For over a decade we have slowly transformed our urban plot into a viable (& beautiful) working micro farm. Proving that one no need to move to the country to be self sufficient. We’ve shown by doing that urbanites can grow their own food and turn traditional gardens into market gardens not only to feed themselves but to provide a substantial income.

Comments(4)

  1. Lori says:

    Hello, Anais,

    First of all, big-time kudos to you and your family for being such a fantastic example of self-sufficiency.

    I have been reading many of the articles on your Website and have been inspired to turn more of our lawn (we have about the same amount available as you) into land for growing food. So far, in the past year, I’ve been growing some vegetables in containers on our porch and some greens and herbs among the already existing flower beds. I’m ready to kick it up to at least another level.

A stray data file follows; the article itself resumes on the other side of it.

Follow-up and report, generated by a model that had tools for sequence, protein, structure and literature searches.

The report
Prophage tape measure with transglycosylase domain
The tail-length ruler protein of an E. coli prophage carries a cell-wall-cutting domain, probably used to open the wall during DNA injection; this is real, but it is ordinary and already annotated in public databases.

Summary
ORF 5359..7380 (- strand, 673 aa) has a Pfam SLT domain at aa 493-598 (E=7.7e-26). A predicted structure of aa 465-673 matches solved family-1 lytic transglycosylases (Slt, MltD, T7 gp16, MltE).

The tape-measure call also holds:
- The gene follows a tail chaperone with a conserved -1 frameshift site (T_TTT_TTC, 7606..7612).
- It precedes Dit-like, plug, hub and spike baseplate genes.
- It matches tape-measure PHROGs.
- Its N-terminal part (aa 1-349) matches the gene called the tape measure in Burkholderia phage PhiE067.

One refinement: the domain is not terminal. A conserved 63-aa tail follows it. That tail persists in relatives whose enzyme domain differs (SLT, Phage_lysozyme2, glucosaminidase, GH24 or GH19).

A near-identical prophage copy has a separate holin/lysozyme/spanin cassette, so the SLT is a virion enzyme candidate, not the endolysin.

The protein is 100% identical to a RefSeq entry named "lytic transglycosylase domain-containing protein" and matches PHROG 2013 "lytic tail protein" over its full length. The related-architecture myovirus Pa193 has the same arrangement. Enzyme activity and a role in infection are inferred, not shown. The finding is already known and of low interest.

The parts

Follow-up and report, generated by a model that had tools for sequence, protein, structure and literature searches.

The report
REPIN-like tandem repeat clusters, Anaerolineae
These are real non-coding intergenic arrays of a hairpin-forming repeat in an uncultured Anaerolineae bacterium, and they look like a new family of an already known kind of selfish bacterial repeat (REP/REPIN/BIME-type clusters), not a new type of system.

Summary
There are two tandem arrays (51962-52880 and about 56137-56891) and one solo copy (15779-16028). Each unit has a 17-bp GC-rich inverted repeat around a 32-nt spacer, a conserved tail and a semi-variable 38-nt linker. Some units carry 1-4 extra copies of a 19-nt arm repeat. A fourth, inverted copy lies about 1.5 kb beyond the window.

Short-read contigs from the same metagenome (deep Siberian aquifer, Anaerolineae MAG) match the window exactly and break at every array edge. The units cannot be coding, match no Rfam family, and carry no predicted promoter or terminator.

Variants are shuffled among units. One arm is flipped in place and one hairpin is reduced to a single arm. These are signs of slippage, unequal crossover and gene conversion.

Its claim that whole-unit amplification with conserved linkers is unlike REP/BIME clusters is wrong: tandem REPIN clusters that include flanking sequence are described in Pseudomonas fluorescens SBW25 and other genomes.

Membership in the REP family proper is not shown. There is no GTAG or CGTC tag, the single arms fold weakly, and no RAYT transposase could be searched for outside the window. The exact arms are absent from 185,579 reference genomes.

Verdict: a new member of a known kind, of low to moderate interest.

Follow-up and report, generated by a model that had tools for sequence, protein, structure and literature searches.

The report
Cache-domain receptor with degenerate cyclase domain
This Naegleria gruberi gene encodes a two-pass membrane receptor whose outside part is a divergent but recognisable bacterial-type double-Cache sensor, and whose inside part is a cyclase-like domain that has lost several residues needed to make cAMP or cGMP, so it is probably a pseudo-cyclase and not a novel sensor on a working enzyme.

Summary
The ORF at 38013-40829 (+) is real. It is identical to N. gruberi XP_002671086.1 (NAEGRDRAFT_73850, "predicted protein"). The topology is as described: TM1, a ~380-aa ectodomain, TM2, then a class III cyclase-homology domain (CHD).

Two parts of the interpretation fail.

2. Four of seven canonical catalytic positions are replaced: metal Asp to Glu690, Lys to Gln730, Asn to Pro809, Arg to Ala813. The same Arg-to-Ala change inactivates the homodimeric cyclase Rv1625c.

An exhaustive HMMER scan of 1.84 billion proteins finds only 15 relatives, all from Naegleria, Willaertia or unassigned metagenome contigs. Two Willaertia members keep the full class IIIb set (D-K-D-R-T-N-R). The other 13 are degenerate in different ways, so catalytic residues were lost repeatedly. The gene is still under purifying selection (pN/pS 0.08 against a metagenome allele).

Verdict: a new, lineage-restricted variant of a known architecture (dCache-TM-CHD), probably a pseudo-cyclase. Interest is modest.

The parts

My questions are:

    1) Did your family convert the land from lawn to garden all in one go? Or, was it in stages?
    2) If you staged the transition, how did you prioritize it? In other words, what did you decide to plant first?
    3) What kind of overhead/expenses did you have for the conversion in general?
    4) Also, with the goats and chickens, how hard was it to convince your city that these were only pets? Did you have to apply for a variance?

    Like your dad, Jules, my husband is sick of wasting money and energy in mowing the lawn and supports my idea for using the land in a smarter, more sustainable way.

    Thanks so much for the help and inspiration!

    Lori

  2. Jasmine Reese says:

    This is really wonderful. It just goes to show that each individual has the power to make better decisions for their families and the environment. I liked how you gave figures on how much it costs as well. I think it takes extremely acute business sense.